Wildland Fire

Fire Environment

The fire environment on the Prescott National Forest is characterized by multiple fuel types, steep terrain, poor ground access, and large areas of encroaching urban interface. The different fuels on the Forest include: desert grasslands, perennial grasslands, chaparral, pinyon/juniper woodlands, ponderosa pine stands, and mixed conifer at the higher elevations. In most areas of the Forest these fuels have few natural or man-made breaks. Terrain is typically steep, with the exception being the flat pinyon/juniper area in the northern part of the Forest. Fuel arrangement allows for light, flashy fuels at the 3,000 foot elevation that change to chaparral and then pine at higher elevations, creating a continuous fuel loading which increases the chances for a major wildland fire. Crown King, the Prescott Basin and the Verde Valley are three major wildland urban interface areas that create extremely dangerous conditions in the event of a wildfire. There are also numerous smaller communities throughout the Forest that are in jeopardy should fires occur in this area. Coordination with local fire departments and the State of Arizona are crucial in these areas. The Forest borders state and private land to the northeast, the Tonto Forest to the southeast and BLM and state land to the south and west. The Forest averages approximately 90 fires annually, with about 60 % of these caused by lightning.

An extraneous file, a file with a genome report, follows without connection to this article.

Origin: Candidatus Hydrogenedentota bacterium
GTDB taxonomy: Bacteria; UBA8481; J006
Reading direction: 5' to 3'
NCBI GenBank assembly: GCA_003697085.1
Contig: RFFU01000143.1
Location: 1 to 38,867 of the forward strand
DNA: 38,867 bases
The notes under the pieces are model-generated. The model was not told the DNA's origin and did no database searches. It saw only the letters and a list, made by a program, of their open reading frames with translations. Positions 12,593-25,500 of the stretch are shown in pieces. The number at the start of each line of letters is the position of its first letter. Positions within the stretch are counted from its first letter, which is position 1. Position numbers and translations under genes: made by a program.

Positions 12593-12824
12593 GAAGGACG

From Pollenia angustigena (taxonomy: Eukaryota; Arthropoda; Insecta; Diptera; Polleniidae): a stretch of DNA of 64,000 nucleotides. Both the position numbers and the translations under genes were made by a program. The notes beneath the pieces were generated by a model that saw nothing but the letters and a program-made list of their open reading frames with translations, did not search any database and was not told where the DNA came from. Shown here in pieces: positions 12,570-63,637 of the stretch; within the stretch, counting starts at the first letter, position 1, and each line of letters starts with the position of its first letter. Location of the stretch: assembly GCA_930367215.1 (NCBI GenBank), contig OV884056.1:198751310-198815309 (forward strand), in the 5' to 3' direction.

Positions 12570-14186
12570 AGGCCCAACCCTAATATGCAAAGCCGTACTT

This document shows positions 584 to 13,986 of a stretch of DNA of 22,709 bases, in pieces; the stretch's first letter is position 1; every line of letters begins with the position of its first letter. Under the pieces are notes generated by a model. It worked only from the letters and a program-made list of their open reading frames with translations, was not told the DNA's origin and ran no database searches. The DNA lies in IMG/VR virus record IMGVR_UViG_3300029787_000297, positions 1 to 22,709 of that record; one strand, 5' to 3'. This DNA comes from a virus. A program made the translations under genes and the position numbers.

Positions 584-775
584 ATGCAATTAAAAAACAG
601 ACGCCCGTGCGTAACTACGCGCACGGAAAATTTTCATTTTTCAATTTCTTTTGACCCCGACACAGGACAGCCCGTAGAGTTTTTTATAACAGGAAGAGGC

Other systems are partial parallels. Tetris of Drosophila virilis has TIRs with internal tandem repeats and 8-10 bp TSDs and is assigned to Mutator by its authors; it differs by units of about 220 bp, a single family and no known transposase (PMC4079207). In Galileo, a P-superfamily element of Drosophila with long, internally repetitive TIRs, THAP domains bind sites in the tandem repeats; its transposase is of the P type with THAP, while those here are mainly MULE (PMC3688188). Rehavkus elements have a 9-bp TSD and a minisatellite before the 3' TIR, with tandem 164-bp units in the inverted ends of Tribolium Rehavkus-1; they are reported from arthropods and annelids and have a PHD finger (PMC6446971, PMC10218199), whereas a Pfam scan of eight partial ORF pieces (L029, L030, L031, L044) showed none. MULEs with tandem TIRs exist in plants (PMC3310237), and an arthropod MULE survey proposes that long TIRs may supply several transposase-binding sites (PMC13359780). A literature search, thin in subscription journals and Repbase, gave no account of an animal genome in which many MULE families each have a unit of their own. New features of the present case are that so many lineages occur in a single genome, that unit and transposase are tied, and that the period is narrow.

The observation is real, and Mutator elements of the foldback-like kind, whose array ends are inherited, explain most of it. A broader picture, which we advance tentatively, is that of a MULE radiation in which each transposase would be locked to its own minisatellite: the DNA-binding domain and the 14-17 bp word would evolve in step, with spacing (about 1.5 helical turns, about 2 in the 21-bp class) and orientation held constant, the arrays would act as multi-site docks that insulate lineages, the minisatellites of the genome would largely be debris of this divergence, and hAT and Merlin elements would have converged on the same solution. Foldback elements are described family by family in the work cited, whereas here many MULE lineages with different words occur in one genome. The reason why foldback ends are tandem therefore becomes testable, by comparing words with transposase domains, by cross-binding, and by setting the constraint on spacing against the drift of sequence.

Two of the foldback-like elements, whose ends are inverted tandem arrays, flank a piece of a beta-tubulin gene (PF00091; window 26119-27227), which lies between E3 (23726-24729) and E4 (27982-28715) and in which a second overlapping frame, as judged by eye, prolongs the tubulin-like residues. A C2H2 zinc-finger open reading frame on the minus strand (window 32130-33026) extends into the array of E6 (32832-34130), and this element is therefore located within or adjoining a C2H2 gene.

Weather on the Forest is typically hot and dry, with fire danger rising rapidly once the spring greenup period is over. This usually occurs between mid and late May, with fire conditions worsening until the summer rains set in, usually around the first or second week of July. Though these summer rains, often referred to as "the monsoon," bring much needed moisture to the Forest, they also bring a great deal of lightning activity. This lightning activity usually causes multiple fires on Forest that, if adequate moisture is not received, can create suppression/management problems. Historically most Incident Management Team activations have occurred when these summer storms first arrive on Forest. Depending on the length and intensity of the summer storms, the Forest can also have a second fire season in September and October. Due to the great variations in fuel types and elevations on the Forest, annual weather events sometimes have different effects upon different parts of the Forest. As an example, a wet year typically leads to an above normal level of activity in the lower, desert country, while a dry trend tends to affect the mid and upper elevations where the heavier concentrations of fuel exist.